'If the BCCI's coffers are inundated with funds today, much of the credit must go to Jagmohan Dalmiya,' says Haresh Pandya.
The king of cricket administration is back at the helm of the Board of Control for Cricket in India.
Shunted out of power by the very same body nearly ten years ago on charges of misappropriation of funds in the 1996 World Cup in the subcontinent, Jagmohan Dalmiya must surely be chuckling!
A fighter to the core, he first challenged the BCCI decision in the Bombay high court, then the Supreme Court, and was subsequently exonerated, as the Board was unable to prove allegations of financial irregularities against him.
Two years ago, when the spot-fixing scandal in the Indian Premier League broke, with erstwhile BCCI supremo Narayanaswami Srinivasan deep in controversy and the Supreme Court keeping a close watch on a chain of events that followed, the Board turned to Dalmiya and appointed him its interim president.
This time he returns to power just as spectacularly as he exited after a distinguished innings in national and global cricket administration which saw him head not only the BCCI, but also the International Cricket Council.
There was a time when Dalmiya was considered the most powerful individual in world cricket. It was said there was nothing he could not do or achieve.
'When Dalmiya is with you, he is all for you. But when he goes against you, watch out,' one observer warned.
The general view is that the man is a gritty street-fighter with plenty of rough edges who tells it like it is. He can be curt, loud and often rude. He has no time for idle chat or gossip.
A fiercely ambitious man, he is known to get whatever he covets. Well, almost!
He was the first Asian to be appointed ICC president, a no mean feat considering how England, Australia and the West Indies used to dominate ICC affairs.
A shrewd businessman, he cashed in on the dazzling popularity cricket enjoys on the subcontinent. If the BCCI's coffers are inundated with funds today, much of the credit must go to Dalmiya.
In tandem with Inderjit Singh Bindra, Dalmiya brought the World Cup to the subcontinent in 1996 when most of the cricketing world did everything to deny India, Pakistan and Sri Lanka the honour of staging the tournament.
He hurried the game into commercialism with spiralling sponsorship and television rights, and proliferation of one-day tournaments, as part of his vision to spread cricket to every nook and cranny of the globe, far beyond the non-Test playing countries.
All this may have brought many ills into the gentleman's game, including mediocre cricket and the menace of match-fixing, but who cares when money is the name of the game.
More than once Bindra accused his former friend of turning a Nelson's eye to match-fixing and all those involved in it in some way or the other.
But no cricket administrator can hold a candle to Dalmiya when it comes to steamrolling opponents and winning over doubters.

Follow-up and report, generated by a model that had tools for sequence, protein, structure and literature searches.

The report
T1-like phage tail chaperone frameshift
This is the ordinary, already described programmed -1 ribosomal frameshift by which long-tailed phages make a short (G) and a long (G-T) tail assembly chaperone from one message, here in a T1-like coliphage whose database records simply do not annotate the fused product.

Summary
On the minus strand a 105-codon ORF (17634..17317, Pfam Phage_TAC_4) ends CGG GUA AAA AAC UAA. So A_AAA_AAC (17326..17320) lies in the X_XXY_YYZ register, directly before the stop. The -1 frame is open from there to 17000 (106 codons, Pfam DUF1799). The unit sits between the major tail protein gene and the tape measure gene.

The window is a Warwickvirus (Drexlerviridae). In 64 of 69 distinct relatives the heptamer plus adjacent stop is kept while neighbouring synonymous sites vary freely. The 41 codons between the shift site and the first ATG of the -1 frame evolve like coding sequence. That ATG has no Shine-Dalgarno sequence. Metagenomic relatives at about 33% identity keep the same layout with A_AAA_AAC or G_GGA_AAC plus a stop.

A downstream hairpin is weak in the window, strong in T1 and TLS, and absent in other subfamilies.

'Dalmiya ran his election (when contesting for the ICC president's job) as if it was an American presidential race, energetically wooing the associates. Despite twice winning the vote of the ICC members and defeating Malcolm Gray, he found England and Australia reluctant to accept him. In the end, Dalmiya was accepted, but he has never forgotten the way he was treated,' remarked the England-based cricket writer Mihir Bose.
'Dalmiya can be faulted on many fronts, but even his worst critics will concede that he is a man of great energy and enthusiasm for the game, and prone to err, if he does err, on the side of doing too much rather than too little,' Bose added.
He was at his best (or worst, according to his detractors) during the first half of the 2000s. Be it the Mike Denness issue, the Virender Sehwag episode, the match-fixing scandal, the television rights controversy, the doubts over India's tour to Pakistan... he always had the last laugh.
What tremendous power he wielded could be understood from one incident. Most English players were reluctant to tour India in 2001. During an ICC meeting in Kuala Lumpur, Dalmiya engineered a complete turnaround from Lord MacLaurin, the then chairman of the England and Wales Cricket Board.
MacLaurin had gone to Malaysia determined to raise serious questions over whether it was safe for the England team to travel to India, but he sung a different tune when the meeting ended. So much so that he caught his players and administrators by surprise when he announced that the tour would proceed as scheduled.
Cricket writer Kamran Abbasi once suggested that George Bush and Tony Blair should ask Dalmiya for a seminar on building a coalition!
Dalmiya, who hails from one of Kolkata's affluent families, has a lifelong passion for cricket. He played as a batsman (Highest score: 200) and wicket-keeper for Kolkata's Rajasthan Cricket Club and also represented his university.
'Cricket is his life,' his wife Chandralekha once noted. His obsession with cricket is something she learned to live with even before the couple tied the knot.
'I have known him since I was three years old,' she added. 'His love for cricket has remained unchanged.'
It is this love, this passion, this obsession for the game that has made Dalmiya strive hard to give Indian cricket the status it enjoys in the world today.
Whatever his image in the Western media, whatever his detractors may say, he has repeatedly proved his worth and shown what he is capable of.
Future historians will have to place this visionary on par with Kerry Packer for bringing in many revolutionary changes in the game. More importantly, improving the health of cricket and its practitioners in financial terms.
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